Young Adults, Food Allergy, and Alcohol: Is Your Drink Safe?

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Reaching the legal age of drinking means those with a food allergy have one more thing to watch out for: how their drinks are prepared at a party, restaurant, or bar.

Allergic adolescents who use a doctored ID at pubs and liquor stores need to be cautious as well. (This illegal practice is not recommended, but we all know it happens.)

Pubs and the like are dangerous for those with food allergies because they are loud, busy establishments where allergens can easily hide. Concerns expressed to a server about an allergy are easily lost in bar noise, and the rush of drink orders. Plus, bar personal may be unschooled, or minimally trained, in the concerns of allergy sufferers.

What To Watch For

The places allergens can hide in a bar are numerous, and those unhidden lend themselves to cross-contamination. For instance:

  • There are many sources of protein used in preparing drinks, including mixers, garnishes, foams, and infusions.
  • Derivatives of milk are a binding agent in Margarita mixes.
  • Bartenders may use a blender or shaker without rinsing away the ingredients - such as milk - from a previous order.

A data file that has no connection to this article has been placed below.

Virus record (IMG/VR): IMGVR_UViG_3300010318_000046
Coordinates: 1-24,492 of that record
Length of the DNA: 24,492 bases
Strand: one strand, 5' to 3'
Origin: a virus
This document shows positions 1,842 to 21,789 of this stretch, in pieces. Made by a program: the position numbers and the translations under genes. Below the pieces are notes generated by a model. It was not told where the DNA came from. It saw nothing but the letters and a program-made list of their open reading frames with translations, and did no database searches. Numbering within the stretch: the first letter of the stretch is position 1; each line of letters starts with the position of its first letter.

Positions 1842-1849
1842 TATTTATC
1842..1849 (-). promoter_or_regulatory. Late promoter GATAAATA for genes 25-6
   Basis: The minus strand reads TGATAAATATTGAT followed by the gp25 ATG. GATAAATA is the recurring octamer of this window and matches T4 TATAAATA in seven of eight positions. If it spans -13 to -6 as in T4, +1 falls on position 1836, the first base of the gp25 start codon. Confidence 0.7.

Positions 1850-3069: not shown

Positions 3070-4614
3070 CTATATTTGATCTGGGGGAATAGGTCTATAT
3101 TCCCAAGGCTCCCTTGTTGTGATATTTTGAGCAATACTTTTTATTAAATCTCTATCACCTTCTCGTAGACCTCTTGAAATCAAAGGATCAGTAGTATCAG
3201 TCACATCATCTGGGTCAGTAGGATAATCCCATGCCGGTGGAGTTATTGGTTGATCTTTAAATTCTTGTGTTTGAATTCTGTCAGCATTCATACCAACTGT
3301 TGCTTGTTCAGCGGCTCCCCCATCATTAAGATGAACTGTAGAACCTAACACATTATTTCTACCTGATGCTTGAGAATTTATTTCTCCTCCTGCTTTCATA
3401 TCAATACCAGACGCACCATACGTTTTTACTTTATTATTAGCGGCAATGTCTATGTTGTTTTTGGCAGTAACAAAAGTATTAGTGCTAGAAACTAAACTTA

• Manhattans are sometimes made with a black-walnut bitter; cachaca and cashew juice are the ingredients of a trendy Brazilian drink.
  • A Tom Collins is traditionally made using cucumber; sangrias contain fruit; apricot is found in Disaronno.
  • Some cocktails use amaretto, or banana flavored liqueurs—any flavored alcoholic beverage might contain a nut or fruit allergen.
  • Drinks can contain unexpected allergy triggers such as a chug of cream (used in a “buttery nipple”), or a bit of bleu cheese tucked in an olive.
  • Some potential triggers are obvious, such as a garnish of shrimp, chunks of sausage, or cheese cubes. Yet, any foods handled by the bartender can easily be a source of cross-contamination.

Since caution diminishes as alcohol intake increases, vigilance about food allergens in alcoholic beverages is especially tricky—and it is certain that food hygiene and product labeling will be negligible at college frat parties and office bashes.

College and Workforce Prep

If you are heading off to college soon, or into the work force, you know what foods to avoid at a restaurant, and how to question the servers or chef. You may already ask your dates to avoid eating certain nuts or foods—if they want to enjoy kissing later on.

It is just as important, before enjoying the pleasure of mixed drinks or liqueurs, that you learn the ingredients of a particular cocktail prior to trying it. Be assertive about how your drinks are prepared, and always have your medication and auto-injector with you.

Source: Washington Post Photo credit: Jason Scragz

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